SUNNYDALE WAS ONLY THE WARM-UP…
NO VACATION. NO BENEFITS. AND THE ONLY RETIREMENT IS AN EARLY DEATH. THIS BOOK SHOULD LIKEWISE BE PUT OUT OF ITS MISERY.
Queen Of The Slayers
(Buffy The Vampire Slayer)
Genre: Media Tie-in, Paranormal, Urban Fantasy
Publisher: Pocket Books
Format: Paperback, 392 Pages
Date: 30th June 2014 (First Published 2009)
It has been mentioned in a previous book review that media tie-in novels have a poor reputation, and that this negative perception is well earned. There’s no need to repeat, here, the various reasons for this; it is enough to state that everything wrong with media tie-in novels is present in Queen Of The Slayers―a hopelessly irredeemable Buffy The Vampire Slayer novel. As a result, this review will likely be very short given that this book has practically nothing going for it.
In short, Queen Of The Slayers is Nancy Holder’s attempt to tell the story of what happens after the events of the final televised episode of Buffy. Picking up in the aftermath of those events, Holder’s tale reads very much like a really bad example of online fan-fiction…only worse. At no stage does this woeful effort try to offer up a plausible narrative of what may have transpired if an eighth season of Buffy The Vampire Slayer had been aired. This book feels like little more than an authorised wish fulfilment fan-fic written by a fan with an axe to grind about certain storylines that played out during the seventh televised season. For readers who are also fans of the TV show it won’t be a spoiler to let slip that early on in the story a polarising relationship between a certain redhead witch and newbie Latina slayer is brought to a contrived, unceremonious end.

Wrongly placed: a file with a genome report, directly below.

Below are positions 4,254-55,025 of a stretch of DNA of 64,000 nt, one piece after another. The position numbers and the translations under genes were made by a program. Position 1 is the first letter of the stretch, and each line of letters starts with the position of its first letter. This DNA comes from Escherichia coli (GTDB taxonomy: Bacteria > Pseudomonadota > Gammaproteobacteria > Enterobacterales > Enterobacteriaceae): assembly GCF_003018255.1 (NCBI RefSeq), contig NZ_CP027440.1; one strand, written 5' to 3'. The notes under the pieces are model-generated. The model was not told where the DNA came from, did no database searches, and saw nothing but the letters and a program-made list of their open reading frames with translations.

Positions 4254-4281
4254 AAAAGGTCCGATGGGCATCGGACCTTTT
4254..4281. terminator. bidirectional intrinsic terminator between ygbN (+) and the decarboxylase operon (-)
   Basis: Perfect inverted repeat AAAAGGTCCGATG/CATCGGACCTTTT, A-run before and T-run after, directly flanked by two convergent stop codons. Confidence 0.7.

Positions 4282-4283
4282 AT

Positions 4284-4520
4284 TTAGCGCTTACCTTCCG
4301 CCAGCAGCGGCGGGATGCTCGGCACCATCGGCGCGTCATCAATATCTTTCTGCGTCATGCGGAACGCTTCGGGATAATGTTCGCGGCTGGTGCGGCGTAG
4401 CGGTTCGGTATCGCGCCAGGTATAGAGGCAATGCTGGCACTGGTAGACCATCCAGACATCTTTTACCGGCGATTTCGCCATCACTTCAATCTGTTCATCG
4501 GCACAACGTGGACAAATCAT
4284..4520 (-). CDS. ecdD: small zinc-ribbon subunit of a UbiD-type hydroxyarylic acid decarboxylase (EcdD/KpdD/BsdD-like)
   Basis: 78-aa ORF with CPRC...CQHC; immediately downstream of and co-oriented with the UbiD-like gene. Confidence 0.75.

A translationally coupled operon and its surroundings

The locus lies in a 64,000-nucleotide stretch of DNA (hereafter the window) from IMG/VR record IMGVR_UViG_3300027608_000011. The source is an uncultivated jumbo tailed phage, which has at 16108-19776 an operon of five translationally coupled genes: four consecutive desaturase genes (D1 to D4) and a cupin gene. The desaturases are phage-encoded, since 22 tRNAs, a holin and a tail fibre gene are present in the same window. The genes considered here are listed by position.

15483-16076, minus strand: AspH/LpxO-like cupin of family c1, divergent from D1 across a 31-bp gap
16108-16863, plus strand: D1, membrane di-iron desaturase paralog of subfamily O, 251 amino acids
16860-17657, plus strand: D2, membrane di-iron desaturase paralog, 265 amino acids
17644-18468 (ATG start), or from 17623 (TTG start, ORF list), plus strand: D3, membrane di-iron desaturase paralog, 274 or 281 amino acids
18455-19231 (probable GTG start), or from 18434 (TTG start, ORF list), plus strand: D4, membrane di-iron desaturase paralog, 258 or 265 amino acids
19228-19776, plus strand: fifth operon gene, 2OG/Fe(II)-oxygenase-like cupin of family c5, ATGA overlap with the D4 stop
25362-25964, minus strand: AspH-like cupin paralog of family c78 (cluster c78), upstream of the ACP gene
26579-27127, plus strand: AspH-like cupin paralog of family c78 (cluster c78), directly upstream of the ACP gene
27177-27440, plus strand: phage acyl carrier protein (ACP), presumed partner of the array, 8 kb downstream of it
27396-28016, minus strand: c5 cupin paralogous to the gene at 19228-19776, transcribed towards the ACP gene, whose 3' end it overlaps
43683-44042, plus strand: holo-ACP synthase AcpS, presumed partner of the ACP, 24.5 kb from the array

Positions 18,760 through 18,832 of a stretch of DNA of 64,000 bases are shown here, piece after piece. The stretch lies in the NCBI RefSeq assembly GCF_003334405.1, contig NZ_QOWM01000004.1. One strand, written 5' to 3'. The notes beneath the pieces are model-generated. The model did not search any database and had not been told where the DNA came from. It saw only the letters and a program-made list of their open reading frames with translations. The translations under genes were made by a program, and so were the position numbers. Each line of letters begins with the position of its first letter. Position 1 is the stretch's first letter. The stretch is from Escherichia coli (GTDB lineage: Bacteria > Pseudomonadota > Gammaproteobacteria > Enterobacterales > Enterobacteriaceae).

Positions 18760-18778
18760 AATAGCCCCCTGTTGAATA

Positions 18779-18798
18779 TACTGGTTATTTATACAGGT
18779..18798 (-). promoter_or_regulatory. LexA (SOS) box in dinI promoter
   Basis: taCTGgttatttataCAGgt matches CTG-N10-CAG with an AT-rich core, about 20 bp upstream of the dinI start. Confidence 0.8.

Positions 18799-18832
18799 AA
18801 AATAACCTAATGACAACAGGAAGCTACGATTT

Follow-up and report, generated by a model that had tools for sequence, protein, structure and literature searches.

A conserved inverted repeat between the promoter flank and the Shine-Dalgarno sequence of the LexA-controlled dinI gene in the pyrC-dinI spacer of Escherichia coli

As bad as the book is, the problems aren’t due to the quality of the writing; this is by no means a poorly written book. Where the story’s downfall is caused by the various plots running through it are far sillier than almost anything that occurred in the TV show; and this silliness becomes ever more pronounced as the story progresses. While these storylines, frankly, have no redeemable qualities, the book’s most glaring flaw lies in the depiction of the established characters from the show. What’s written on the page never truly syncs with the on screen portrayal of these characters; and that the author fails to adequately capture the voices of these familiar characters is probably the hardest thing to forgive.
It’s not an exaggeration to call media tie-in books cynical cash grabs aimed at pre-existing fans of a “property” in another medium, in order to capitalise on name / brand recognition. And while Queen Of The Slayers may very well have been a profitable venture for the publisher, it’s hard to imagine many Buffy fans will enjoy what this novel has to offer.
In conclusion, while the reviews posted on this blog endeavour to be as objective as possible, once in a blue moon that commitment is severly put to the test when there is simply nothing positive to highlight in a book. Queen Of The Slayers is just such a book; it’s too poor an effort to even recommend to die hard Buffy fans, therefore it doesn’t even merit a library loan.
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Telling it like it is. Giving you honest and balanced, spoiler free reviews. Completely devoid of irrational fanboyism, or shameless astroturfing.